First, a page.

Today the European Commission formally adopted and announced its Action Plan on Intellectual Property ("IP Action Plan").
A near-final draft of the document already leaked last week and generated some media attention. I elected to wait for the final document (also because I'm very busy with the impending launch of my iOS and Android game). Given that some significant changes have been made, I'm glad I did hold off.
So here's my rapid response, and I may go into more detail on some of these issues later or in a follow-up post:
While a draft version of the document placed a great deal of emphasis on the need to engage with the automotive sector (given the particular issues it is facing with a view to the licensing of standard-essential patents (SEPs)), the final plan downgrades that industry's problems or at least seeks to defocus from them:
"Although currently the biggest disputes seem to occur in the automotive sector, they may extend further as SEPs licensing is relevant also in the health, energy, smart manufacturing, digital and electronics ecosystems." (emphasis added)
"With a view to clarifying these issues and identify [sic] best practices, the Commission has launched a study, with a specific focus on strategic sectors including the healthcare and automotive sectors." (emphasis added)
The fact that the Commission deemphasizes the automotive industry's SEP issues may be attributable to the immense lobbying firepower and persistent, highly professional efforts by major SEP holders such as Nokia and Ericsson, which is not a conspiracy theory but based in fact (and would serve to explain the repeated postponement of the publication of this document). The automotive industry's lobbying departments are basically one-trick ponies that only know about emissions standards and similar topics. Those organizations may need another decade or two before they figure out IP policy.
I actually doubt that the automotive industry would have had to expect anything positive to come out from the Commission's DG GROW (formerly called DG MARKT) "brokering" an agreement between the automotive sector and major SEP holders. That's because the commissioner in charge of DG GROW, Thierry Breton, is totally in the tank for Nokia and Ericsson, even up to the point where he describes fake news as "a fact! A fact! It is a fact!".
The paper recognizes that small and medium-sized enterprises (SMEs) don't account for lots of patent filings. But basically the answer this plan attempts to give is just a combination of ever more internationalization and subsidies. Nowhere does the plan recognize that many SMEs would rather be protected from patents than by patents.
One of the top two or three fallacies in the patent policy context is reiterated by the IP Action Plan:
"Between 2010 and 2019, the number of European patents granted rose from 58 000 to 137 000, approximately - although the rise is less marked than in other parts of the world, notably Asia, where economies are quickly catching up on IP generation."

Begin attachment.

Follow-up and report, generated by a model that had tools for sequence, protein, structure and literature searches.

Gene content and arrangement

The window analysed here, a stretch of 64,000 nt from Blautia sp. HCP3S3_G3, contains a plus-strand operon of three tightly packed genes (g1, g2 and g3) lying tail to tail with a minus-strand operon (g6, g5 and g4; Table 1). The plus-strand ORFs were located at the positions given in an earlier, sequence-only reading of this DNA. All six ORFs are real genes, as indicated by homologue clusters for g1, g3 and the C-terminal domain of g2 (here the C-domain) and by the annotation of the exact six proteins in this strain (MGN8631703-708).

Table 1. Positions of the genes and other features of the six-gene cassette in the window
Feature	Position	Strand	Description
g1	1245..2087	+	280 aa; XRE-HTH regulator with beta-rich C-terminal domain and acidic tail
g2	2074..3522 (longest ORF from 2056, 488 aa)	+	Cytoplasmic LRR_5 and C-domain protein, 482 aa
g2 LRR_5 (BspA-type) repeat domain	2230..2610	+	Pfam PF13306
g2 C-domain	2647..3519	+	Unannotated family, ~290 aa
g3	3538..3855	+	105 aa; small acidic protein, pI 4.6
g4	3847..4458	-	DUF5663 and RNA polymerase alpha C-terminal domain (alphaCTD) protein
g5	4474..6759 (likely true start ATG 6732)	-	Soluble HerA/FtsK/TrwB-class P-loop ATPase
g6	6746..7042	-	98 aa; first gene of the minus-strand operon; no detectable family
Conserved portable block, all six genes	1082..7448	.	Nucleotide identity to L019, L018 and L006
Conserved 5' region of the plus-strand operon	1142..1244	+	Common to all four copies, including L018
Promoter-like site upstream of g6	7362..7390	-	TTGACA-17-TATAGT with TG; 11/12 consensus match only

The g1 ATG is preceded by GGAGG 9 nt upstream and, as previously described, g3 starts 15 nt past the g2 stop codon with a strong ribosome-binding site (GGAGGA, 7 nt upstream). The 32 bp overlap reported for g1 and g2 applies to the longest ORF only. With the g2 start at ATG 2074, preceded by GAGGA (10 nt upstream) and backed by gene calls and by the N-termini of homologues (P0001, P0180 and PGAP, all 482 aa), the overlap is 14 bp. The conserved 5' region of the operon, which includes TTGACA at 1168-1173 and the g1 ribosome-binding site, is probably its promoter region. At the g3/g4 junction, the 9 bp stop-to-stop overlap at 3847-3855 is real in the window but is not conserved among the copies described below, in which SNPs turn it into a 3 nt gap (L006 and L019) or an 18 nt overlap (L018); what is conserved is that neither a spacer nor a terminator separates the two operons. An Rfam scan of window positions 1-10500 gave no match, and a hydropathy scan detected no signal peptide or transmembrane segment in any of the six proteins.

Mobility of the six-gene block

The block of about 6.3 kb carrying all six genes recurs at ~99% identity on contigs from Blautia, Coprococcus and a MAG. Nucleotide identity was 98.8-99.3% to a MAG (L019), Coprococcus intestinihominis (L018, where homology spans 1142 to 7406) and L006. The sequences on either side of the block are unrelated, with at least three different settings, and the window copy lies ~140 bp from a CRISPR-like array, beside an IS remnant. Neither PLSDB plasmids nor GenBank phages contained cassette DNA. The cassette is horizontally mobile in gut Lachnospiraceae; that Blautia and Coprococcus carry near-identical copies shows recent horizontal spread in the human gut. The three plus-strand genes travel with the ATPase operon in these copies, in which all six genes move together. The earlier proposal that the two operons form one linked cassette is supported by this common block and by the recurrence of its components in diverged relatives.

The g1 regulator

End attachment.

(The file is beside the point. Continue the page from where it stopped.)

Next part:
A European patent is a patent that can be asserted in Europe--not a patent granted to a European company. None of the top four filers with the European Patent Office (EPO) is European.
Artificial Intelligence (AI) patents are software patents, which actually shouldn't be granted in Europe in the first place. Here's what the paper says about Europe's low share of AI patent applications:
"[A]lthough 26% of high-value research publications on AI comes from Europe, only 4 out of the top 30 applicants (13%) and 7% of businesses, engaged in AI patenting worldwide, are European."
The reason for that is mostly that major platform companies (in the digital platform economy, Europe is at a level with Africa and irrelevant compared to the U.S. and Asia) generate a lot of income from their core businessees and invest some of that money into AI, enabling them to offer the most attractive working conditions to researchers--and to file for many patents in that field. I can't see how the IP Action Plan would change a thing about that.
The Commission loves its upload filters:
"A crucial part of this work concerns the implementation of Article 17 of the Copyright Directive, which sets out a specific legal regime for the use of copyright-protected content by user-uploaded content sharing platforms. The Commission has carried out an extensive stakeholder dialogue to gather the views of relevant stakeholders on the main topics related to this article's application. Taking into account the results of the dialogue, the Commission will soon issue guidance to support Member States in implementing this provision."
Just last week, a senior Commission official actually acknowledged that Article 17 may not survive a pending court challenge. I opposed it (even spoke at a couple of demonstrations against it).
While this is outside the industry focus of this blog, I believe it would make a whole lot of sense for the Commission to "to introduce a unified [Supplementary Protection Certificate] grant mechanism and/or create a unitary SPC title," which the IP Action Plan mentions as possibilities.
The IP Action Plan is per se underwhelming and unspecific, but that doesn't mean that the initiatives it outlines as potential measures couldn't be impactful in the end--possibly even with respect to SEPs. We'll have to stay tuned.
[Update] The Fair Standards Alliance (FSA) just issued a statement, saying the organization "welcomes the European Commission’s goal to bring more transparency to standard essential patent (SEP) licensing." [/Update]
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